Background: I’ve been headhunting for the last 20 years. Prior to getting into the recruiting industry, out of college I was a Marine Corps infantry officer for 5 years and then became a President’s Club sales exec/winner with Baxter Healthcare. I always was intrigued with the recruiting industry and joined MRI 18 years ago and started my current firm 14 years ago. I’ve always had high standards for myself and before I represent a candidate to one of my clients, know that I hold them to the same exacting standards I hold myself.
On a personal note, my wife and I recently celebrated our twenty-sixth anniversary this year and we have 3 sons, 24 (currently a student at GWU), 21 and 17 and two English Bulldogs, Gus and Woodrow.
Focus: I made the decision 12 years ago to start focusing on the healthcare IT industry. I was recruiting “IT” professionals at the time and I wanted to merge my IT and Healthcare experience. So, with the number of recruiters now flocking into Healthcare IT, I want you to know that I’m not a “Johnny-come-Lately.” I stay abreast of industry happenings and am well versed in terms of what solutions are hospitals buying, and which companies are growing/hiring as a result. In addition to this knowledge, I have built a reputation that goes ahead of me and causes the healthcare IT’s top sales talent to not only take my calls, but to work with them as they contemplate (typically at my urging) a potential career move.
I typically break the industry down into ambulatory and Acute care. In the Ambulatory environment, I consider myself an EMR staffing expert. (Over the last 12 years I have placed over 125 EMR Sales Executives, including 62 at one client where after 8 years, 45 are still there! FYI, these sales execs have contributed $300M to my client’s top line revenue. For every dollar this client has spent in fees they have received an ROI of $143.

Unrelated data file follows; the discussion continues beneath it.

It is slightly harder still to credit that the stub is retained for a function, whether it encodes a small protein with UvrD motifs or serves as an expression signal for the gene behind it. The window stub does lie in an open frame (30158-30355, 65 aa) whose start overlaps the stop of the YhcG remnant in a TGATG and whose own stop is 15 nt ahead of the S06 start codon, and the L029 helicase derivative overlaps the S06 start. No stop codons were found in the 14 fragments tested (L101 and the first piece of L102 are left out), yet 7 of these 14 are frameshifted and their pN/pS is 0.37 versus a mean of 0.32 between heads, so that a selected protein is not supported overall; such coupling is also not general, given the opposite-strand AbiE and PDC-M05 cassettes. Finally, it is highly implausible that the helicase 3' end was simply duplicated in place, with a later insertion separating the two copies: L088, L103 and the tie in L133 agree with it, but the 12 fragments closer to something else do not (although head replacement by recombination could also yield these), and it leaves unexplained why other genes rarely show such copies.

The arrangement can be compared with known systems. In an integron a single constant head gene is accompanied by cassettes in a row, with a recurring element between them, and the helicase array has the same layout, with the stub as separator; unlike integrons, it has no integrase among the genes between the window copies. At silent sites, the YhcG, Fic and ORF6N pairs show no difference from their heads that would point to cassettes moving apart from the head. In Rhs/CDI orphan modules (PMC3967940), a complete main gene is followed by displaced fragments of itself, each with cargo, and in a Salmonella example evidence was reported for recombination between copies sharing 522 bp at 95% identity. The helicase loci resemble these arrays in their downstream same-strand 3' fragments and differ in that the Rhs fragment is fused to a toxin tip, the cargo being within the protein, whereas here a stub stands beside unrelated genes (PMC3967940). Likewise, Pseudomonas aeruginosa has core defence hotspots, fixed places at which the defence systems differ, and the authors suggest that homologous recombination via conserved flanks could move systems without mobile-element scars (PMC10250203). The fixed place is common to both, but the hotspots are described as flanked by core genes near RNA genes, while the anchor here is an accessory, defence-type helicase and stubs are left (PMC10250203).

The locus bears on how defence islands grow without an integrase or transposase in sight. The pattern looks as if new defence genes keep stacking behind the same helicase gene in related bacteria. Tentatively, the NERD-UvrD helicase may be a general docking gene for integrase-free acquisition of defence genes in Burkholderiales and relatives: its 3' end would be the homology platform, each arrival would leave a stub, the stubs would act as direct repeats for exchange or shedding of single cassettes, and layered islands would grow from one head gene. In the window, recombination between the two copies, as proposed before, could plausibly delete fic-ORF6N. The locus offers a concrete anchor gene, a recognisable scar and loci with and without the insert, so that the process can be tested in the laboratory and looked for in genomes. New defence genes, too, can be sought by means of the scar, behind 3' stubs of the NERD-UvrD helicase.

In the hospital environment, I break the industry down into clinical or financial solutions. Client Executives are broken down into either new business or current customer assigned accounts. I understand the difference between the types of candidates that excel in these two different roles. Further, I understand the difference between a true “C-level sales executive” and a “departmental solutions sales exec” that is going to the C-level for final approval. In the payer space, most of my candidates call on both commercial and government.
Lastly, when clinical was hot, I was building EMR sales teams. However, over the last two years, we have seen the industry momentum switch over to revenue cycle management and other financial solutions. Consequently, my business has migrated to this area and we are currently working with a number of healthcare finance vendors to build out their teams.
Performance: I am the solo business developer for my firm and have two sourcers (including my brother Kevin). I have over 7,000 healthcare IT contacts in my active files and I’ve developed another 5,000 passive network contacts via Linkedin. Beyond the above, my sources for candidates are trade shows such as HFMA and HIMSS, event attendance lists, company rosters, industry association membership directories and a valued network of other recruiters.
I successfully complete 30-40 healthcare IT placements per year. These are mostly sales and sales leadership positions but I’ve also completed presales/clinical support position searches that supported the sales process. I have also developed a small cadre of other healthcare IT recruiters (that I trust) and this little co-op does approximate 120-150 placements per year.
References: I’ve worked hard to make myself referenceable. In fact, please hit the hyperlink below my signature and you’ll be able to read a number of recommendations on Linkedin. My strong references are primarily the result of a couple things. One, I perform. My 3-year retention average historically has been between 80 and 90%. (I do not count start-up RIFs in this number). Also, while in process I do not Spam my hiring authorities with a slew of candidates…I send a few vetted candidates that are excited to take the job and whom I feel will be a good personality match with the hiring manager. Studies show that the number 1 reason of why sales execs change jobs is as a result of a bad relationship with their manager. Hence, I spend a lot of time “matching.”
Niche – Software Sales
Region – United States
Industries – Health Care, Medical
Search Type – Contingent